DP World reports 27% first half profit rise on higher sales

Ports operator continues to diversify its revenue mix despite uncertain trade environment

DP World has restricted staff travel to China in response to the coronavirus outbreak. Bloomberg.
DP World has restricted staff travel to China in response to the coronavirus outbreak. Bloomberg.

Dubai-based ports operator DP Word reported a 27 per cent increase in profit for the first half of 2019 on the back of higher sales, which were driven by growth in non-container revenue.

Net profit attributable to shareholders of the company for the six-month period climbed to $753 million (Dh2.8 billion). Revenue climbed 32 per cent to $3.46bn, although on a like-for-like, constant currency basis the revenue increase was closer to 11 per cent, the company said in a statement Nasdaq Dubai where its shares trade. The growth was achieved despite the volume of throughput at ports remaining fairly flat as the impact of the trade war between the US and China limits global trade growth.

"This strong financial performance has been delivered in an uncertain trade environment, once again highlighting the strength of our portfolio," said DP World's chairman and chief executive, Sultan Ahmed Bin Sulayem. "We have continued to make progress on our strategy to become a trade enabler and solutions provider as we look to participate across a wider part of the supply chain."

DP World, a state-owned ports operator, operates 150 facilities in 40 countries and moves 190,000 containers per day, among the biggest port operators in the world by cargo tonnes. However, in recent years the company has sought to diversify its operations, expanding across the supply chain into logistics and, most recently, maritime oil & gas operations through its purchase last month of Topaz Energy from Oman's Renaissance Services for an enterprise value of $1.08bn.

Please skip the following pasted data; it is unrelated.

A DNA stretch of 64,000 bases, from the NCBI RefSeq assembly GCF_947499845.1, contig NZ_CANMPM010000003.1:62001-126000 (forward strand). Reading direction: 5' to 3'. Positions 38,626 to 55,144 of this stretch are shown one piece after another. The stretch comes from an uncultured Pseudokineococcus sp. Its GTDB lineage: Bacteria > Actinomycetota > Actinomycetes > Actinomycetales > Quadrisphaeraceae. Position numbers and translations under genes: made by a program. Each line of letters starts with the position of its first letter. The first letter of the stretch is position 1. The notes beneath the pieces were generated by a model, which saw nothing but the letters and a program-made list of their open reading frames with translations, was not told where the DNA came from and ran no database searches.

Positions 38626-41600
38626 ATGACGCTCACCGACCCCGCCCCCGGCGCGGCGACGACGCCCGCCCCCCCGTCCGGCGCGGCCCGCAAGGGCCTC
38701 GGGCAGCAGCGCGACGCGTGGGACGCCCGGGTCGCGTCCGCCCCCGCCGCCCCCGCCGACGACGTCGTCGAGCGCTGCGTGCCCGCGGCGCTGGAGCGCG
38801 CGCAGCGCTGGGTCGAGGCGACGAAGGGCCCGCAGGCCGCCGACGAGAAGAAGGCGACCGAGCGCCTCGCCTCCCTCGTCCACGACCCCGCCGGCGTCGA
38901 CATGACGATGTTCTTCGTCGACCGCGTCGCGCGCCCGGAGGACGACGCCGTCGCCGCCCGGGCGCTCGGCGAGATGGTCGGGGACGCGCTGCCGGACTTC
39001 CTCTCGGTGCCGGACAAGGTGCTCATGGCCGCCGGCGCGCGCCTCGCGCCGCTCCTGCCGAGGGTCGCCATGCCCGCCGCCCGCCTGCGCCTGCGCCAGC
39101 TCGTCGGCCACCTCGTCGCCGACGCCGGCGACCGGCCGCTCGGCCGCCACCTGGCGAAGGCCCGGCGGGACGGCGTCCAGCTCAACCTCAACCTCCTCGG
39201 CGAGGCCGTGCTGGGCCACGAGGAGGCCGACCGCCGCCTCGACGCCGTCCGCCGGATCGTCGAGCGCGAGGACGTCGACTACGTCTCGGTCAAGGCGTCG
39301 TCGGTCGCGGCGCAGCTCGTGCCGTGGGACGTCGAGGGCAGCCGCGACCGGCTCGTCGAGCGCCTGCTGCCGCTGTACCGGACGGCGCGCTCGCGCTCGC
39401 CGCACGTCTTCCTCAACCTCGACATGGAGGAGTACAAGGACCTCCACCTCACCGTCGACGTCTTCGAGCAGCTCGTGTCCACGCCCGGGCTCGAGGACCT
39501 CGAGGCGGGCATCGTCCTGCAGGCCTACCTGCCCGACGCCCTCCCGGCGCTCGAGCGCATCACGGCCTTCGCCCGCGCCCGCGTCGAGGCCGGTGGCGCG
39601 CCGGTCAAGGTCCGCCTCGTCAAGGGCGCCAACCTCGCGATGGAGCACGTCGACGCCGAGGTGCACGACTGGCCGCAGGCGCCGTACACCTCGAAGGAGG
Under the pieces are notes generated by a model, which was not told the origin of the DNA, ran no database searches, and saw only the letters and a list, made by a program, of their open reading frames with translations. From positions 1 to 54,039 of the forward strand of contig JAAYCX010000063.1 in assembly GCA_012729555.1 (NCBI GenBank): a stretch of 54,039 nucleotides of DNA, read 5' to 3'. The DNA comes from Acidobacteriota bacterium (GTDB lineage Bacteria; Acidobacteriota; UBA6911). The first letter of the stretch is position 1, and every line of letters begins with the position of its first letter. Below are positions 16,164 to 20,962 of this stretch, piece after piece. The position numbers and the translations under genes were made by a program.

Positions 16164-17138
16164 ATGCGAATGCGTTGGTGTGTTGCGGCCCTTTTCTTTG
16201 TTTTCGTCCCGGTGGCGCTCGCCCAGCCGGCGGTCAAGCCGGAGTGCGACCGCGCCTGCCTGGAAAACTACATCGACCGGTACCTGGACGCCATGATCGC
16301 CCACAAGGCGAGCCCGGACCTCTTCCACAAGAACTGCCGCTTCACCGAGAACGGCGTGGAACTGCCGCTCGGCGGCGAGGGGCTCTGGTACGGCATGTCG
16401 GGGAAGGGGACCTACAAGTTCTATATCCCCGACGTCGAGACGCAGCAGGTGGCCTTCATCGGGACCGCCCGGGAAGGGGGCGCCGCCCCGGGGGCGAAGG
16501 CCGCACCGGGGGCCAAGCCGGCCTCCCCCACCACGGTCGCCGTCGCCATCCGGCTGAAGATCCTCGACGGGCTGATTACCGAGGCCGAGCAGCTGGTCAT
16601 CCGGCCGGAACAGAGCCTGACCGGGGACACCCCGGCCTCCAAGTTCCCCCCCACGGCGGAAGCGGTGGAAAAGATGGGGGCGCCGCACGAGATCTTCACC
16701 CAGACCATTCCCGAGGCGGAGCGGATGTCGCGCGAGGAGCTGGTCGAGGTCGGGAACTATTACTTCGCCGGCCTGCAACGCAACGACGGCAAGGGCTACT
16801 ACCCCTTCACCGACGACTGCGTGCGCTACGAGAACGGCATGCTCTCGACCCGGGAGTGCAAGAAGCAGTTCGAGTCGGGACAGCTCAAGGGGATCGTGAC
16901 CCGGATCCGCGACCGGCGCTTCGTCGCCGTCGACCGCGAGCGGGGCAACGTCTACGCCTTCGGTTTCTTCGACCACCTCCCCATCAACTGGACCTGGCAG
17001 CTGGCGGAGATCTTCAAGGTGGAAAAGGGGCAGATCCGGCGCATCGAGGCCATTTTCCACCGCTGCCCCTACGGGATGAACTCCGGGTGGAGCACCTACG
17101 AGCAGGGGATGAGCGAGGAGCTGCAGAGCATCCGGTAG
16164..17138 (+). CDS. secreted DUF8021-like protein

In a presentation to investors accompanying its half-year earnings, the firm said about half of its revenue during the reporting period came from containerised activity, and half from non-containerised. In 2014, these figures were 80 per cent containerised, and 20 per cent non-containerised. Some 65 per cent of first-half revenue came from its overall ports and terminals business, 25 per cent came from its logistics and maritime arm, and 10 per cent from parks and economic zones.

Ahmed Maher, a research analyst at Egyptian investment bank EFG Hermes, said that DP World's results beat expectations, but featured a number of one-off items, including recognition of $300.8m of revenue as a result of land at Mina Rashid transferred to Emaar Properties as part of the joint venture agreement for the proposed Dh25bn development at the site.

"If you exclude the Mina Rashid deal, the numbers would have been weaker than we expected," he told The National.

DP World's shares closed 0.36 per cent lower on Thursday at $13.85 and are 34 per cent lower than the same period last year.

"The stock has never traded at such low multiples," Mr Maher said. "I think the market is pricing in all of the associated risks of geopolitical risks, the trade war risks - all of the downside, basically."

Updated: August 22, 2019 04:15 PM


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